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Former Philippine President Resumes Testimony in Corruption Trial


It was another day of denials and demonstrations at the long-running economic plunder trial of former Philippine President Joseph Estrada. The defense tried to refute prosecution evidence that the former leader amassed $80 million in bribes, tax kickbacks and other illegal payoffs while in power.

In his second day of testimony, Mr. Estrada denied any knowledge of documents submitted by the prosecution showing he had received kickbacks from excise taxes. He repeatedly told the court he did not recognize the documents and had nothing to do with them.

One of his attorneys, Rene Saguisag, disputed prosecution claims that 130 million pesos, or $2.5 million, in tobacco taxes were delivered to Mr. Estrada's house.

But special prosecutor Dennis Villa Ignacio told reporters during a break that he expected such denials. He said the prosecution is confident that Estrada will not be able to overcome the documentary evidence against him.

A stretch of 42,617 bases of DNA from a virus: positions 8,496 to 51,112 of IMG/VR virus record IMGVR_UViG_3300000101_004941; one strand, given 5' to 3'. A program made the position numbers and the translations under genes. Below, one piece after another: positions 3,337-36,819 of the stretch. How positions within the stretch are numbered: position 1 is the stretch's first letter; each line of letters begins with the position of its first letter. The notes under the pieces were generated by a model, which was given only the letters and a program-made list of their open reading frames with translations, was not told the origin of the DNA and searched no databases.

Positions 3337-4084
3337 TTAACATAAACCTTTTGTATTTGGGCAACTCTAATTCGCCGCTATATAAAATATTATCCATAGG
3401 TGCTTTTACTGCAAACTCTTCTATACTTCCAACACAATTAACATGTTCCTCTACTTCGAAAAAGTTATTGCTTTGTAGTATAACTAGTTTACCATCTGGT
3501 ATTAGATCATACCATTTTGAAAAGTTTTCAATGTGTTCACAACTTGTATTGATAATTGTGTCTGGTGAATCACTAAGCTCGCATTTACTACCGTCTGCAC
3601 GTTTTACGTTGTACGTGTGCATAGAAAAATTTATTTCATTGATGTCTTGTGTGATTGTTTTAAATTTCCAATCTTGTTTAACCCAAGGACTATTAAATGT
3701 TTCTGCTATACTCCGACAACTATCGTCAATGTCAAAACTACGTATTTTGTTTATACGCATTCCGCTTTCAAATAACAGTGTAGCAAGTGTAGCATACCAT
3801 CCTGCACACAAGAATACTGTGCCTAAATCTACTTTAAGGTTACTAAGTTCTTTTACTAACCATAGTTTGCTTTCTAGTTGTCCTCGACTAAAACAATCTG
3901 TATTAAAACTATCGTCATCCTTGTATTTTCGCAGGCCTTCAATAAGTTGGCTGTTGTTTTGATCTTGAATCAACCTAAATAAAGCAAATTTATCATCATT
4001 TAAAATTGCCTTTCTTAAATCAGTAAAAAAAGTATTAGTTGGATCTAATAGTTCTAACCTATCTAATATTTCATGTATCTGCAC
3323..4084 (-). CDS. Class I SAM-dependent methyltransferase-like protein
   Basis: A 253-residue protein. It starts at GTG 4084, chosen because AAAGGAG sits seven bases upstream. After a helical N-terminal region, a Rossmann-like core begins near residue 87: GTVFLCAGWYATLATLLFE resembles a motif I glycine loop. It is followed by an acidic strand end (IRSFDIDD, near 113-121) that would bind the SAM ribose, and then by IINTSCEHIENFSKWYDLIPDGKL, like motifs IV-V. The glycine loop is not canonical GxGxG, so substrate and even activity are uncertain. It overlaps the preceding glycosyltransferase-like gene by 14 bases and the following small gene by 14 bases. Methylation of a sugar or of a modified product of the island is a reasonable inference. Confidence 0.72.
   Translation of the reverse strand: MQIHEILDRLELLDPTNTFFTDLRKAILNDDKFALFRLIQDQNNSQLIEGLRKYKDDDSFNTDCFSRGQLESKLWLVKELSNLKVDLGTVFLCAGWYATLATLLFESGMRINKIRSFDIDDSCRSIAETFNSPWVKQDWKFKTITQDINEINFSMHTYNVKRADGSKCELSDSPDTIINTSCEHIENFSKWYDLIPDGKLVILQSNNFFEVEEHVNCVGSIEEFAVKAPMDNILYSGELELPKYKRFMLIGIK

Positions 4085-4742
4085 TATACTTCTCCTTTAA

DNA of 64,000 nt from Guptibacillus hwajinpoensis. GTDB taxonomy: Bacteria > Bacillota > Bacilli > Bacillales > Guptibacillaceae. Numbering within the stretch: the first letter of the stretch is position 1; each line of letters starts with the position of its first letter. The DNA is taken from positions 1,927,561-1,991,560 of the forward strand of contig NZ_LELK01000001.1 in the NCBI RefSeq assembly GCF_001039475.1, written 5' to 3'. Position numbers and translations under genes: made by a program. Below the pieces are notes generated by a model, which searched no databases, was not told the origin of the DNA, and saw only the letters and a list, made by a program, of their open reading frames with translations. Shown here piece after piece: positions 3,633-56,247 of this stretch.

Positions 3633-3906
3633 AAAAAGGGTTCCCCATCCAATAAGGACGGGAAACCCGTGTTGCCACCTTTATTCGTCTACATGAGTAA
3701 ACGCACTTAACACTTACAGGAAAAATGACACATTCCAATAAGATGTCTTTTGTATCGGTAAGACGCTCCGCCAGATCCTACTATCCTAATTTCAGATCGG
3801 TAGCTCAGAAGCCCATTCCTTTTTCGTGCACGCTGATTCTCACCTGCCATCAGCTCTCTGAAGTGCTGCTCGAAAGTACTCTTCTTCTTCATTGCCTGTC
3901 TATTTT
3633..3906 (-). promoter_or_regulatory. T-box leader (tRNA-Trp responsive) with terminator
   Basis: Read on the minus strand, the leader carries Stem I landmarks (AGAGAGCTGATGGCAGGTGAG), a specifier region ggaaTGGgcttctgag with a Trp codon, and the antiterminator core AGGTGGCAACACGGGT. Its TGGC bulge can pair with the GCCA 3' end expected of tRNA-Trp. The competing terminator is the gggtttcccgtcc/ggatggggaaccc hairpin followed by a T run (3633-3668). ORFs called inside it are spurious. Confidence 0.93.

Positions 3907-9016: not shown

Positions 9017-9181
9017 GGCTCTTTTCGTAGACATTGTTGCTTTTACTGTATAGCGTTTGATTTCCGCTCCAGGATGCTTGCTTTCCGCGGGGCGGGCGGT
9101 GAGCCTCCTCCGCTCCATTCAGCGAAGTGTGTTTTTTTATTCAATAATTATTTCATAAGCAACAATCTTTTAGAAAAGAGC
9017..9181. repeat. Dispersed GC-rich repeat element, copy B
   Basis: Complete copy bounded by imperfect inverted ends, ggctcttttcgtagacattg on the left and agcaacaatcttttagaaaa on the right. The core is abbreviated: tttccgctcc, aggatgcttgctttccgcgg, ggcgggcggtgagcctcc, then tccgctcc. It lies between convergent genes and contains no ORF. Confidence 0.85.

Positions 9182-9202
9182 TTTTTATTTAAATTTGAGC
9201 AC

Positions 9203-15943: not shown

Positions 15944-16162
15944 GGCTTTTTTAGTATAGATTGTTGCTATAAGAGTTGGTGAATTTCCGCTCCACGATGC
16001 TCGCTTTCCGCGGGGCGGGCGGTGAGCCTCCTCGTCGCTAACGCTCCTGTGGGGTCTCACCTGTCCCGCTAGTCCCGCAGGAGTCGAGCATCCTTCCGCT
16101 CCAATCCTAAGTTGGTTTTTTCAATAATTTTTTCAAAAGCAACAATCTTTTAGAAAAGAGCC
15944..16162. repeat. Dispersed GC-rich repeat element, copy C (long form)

Mr. Estrada's trial has dragged on for five years, but his own testimony began only last week. Critics accuse the defense of prolonging the legal battle in hopes of gaining public support, but defense attorney Saguisag denies this.

He says other cases against major political figures, such as the family of former President Ferdinand Marcos, moved even slower.

"Why don't you ask why the cases of the Marcoses are tried once every decade? So this is the fastest moving case in its category. Because in this country, that's just how it is," said Saguisag.

It could be mid May before Mr. Estrada finishes his testimony at the Sandinganbayan, or anti-corruption court, because the case is only being heard one day per week.

While the exchanges took place inside the courtroom, about 200 supporters of Mr. Estrada gathered peacefully outside a nearby church. They carried banners proclaiming his innocence and calling for his freedom.

Mr. Estrada was driven from office in 2001 by a popular revolt backed by the military. He is a former movie star, and still has a strong following among poor voters who originally swept him into power.

Plunder, the crime with which Mr. Estrada is charged, carries a maximum penalty of death.

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